Back in 2016, Bo penned a beautiful piece on the role bonds play in our portfolio strategies. Considering the recent price declines in bonds due to rising interest rates, we thought this would be a good time to revisit the subject. We know this is a lot of info to digest, but it is important for us that you know some of the why behind what we are doing.
First, a quick refresher:
Therefore, since bonds are 1) more conservative than stocks, 2) have positive expected returns, and 3) are not correlated to stocks, they make a logical companion to stocks in a balanced portfolio.
First, go back to the above refresher (and the 2016 blog post) as to why we have bonds in the first place. Then the question above begets two more questions: 1) Can we accurately forecast interest rates, and 2) Have we really experienced any losses?
As for forecasting interest rates, let us use the table below that shows the trend in different interest rates since 2012, which was a point, in hindsight, when rates were in a bottom. At that time, the Feds had lowered their short-term rate range to 0.00-0.25%, and the 10-year Treasury and 30-year Treasury interest rates had bottomed, as well.
Pause: At this point, it is important to understand that the Federal Reserve (the Fed) only has control over the Fed Funds Rate, which is the short-term rate that financial institutions (banks) use to lend each other money overnight. It’s complicated, but the point is that other interest rates (such as the 10-year and 30-year Treasuries) are not set by anyone, rather the free market determines these interest rates based on supply and demand.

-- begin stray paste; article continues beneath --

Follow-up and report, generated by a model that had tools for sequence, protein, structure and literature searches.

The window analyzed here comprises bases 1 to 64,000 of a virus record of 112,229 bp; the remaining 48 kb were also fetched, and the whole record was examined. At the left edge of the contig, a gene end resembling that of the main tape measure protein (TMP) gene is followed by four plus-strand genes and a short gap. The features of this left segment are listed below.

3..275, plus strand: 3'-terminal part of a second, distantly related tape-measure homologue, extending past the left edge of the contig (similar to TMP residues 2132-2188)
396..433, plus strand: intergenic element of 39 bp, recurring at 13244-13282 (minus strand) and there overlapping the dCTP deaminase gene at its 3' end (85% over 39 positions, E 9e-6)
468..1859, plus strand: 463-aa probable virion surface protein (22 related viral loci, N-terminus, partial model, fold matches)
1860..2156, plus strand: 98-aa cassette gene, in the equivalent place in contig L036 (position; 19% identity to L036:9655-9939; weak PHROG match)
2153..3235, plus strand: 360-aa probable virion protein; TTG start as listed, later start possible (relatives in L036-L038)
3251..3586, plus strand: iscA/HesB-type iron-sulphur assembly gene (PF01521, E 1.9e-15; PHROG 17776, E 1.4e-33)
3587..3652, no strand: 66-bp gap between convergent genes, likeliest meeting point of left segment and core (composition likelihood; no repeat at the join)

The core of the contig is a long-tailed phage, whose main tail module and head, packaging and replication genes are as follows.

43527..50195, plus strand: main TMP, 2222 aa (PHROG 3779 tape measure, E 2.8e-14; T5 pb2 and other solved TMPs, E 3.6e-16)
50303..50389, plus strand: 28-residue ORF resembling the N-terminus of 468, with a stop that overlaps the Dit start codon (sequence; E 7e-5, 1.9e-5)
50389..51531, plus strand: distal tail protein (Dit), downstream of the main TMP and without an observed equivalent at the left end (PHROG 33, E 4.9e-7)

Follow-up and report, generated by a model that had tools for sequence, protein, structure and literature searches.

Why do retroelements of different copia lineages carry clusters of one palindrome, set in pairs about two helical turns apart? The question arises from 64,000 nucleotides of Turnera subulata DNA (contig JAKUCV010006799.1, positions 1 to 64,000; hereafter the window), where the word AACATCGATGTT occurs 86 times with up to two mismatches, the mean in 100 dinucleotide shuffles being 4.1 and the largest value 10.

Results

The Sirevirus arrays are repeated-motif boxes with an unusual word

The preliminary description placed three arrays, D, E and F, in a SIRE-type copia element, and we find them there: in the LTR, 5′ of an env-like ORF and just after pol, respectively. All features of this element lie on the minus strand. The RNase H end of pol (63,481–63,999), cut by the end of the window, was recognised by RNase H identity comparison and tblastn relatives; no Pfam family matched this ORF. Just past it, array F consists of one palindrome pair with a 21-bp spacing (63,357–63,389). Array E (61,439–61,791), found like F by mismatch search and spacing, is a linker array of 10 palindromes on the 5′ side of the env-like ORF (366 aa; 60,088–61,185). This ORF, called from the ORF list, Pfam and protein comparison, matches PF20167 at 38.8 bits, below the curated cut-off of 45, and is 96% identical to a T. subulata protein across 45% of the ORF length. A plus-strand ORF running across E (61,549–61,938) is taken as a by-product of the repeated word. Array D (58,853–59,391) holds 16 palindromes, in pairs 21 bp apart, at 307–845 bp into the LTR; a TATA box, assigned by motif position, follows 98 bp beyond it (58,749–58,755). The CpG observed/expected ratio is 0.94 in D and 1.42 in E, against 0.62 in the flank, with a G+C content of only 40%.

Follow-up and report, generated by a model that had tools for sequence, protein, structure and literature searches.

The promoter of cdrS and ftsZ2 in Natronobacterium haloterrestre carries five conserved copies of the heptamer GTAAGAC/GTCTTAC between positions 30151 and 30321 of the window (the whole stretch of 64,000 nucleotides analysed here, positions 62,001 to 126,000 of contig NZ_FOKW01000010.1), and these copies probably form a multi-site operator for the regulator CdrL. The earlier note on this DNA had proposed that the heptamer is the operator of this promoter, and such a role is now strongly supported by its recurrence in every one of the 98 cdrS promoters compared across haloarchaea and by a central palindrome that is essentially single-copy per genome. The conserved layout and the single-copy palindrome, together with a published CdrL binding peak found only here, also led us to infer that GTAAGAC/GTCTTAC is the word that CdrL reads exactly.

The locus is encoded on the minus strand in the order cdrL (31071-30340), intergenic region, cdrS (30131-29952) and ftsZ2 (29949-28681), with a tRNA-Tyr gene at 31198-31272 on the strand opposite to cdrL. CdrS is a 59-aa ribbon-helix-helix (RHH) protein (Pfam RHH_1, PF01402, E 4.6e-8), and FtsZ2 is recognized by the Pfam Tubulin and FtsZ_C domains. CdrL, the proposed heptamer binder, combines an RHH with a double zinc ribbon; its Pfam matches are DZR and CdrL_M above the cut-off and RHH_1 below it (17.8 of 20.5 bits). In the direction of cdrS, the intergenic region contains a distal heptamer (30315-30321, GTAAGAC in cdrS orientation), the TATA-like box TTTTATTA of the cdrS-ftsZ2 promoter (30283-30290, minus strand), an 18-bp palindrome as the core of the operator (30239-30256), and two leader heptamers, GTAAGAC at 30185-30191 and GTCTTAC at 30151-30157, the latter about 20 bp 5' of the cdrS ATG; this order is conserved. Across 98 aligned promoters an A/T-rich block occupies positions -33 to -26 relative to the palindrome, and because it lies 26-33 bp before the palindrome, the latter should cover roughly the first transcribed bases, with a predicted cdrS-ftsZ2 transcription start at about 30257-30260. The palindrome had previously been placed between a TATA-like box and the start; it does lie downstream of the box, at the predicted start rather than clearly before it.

Back to the table above…Starting even before 2012, many were forecasting that interest rates had to move up, and move up sharply, and therefore bond investments would suffer losses. However, see how long it took for the Feds to finally start gradually raising their rate? Now look at how the 10-year and 30-year rates responded. Proportionally they did not go up as much as the Fed Funds rate. Why? Because the free market decided that, even though the Fed was raising rates, and to the great surprise of many, proportionally higher longer-term interest rates were not required. This is supply and demand, and the free market, working at their best, and a strong case against trying to forecast future moves in interest rates!
This brings us to the next part of the question regarding losses. While it is true that the total return on bonds has been negative recently, over the last five years (while rates have been moving up) they have been positive. Below, compliments of Morningstar, is a table showing the total returns for three bond funds: One represents the total return on long-term bonds (30-year Treasuries), one represents intermediate-term bonds (10-year Treasuries), and one represents very short-term bonds (Fed Fund Rate).
In closing, a more concise answer to the big question above is this:
By George W. Holland, IV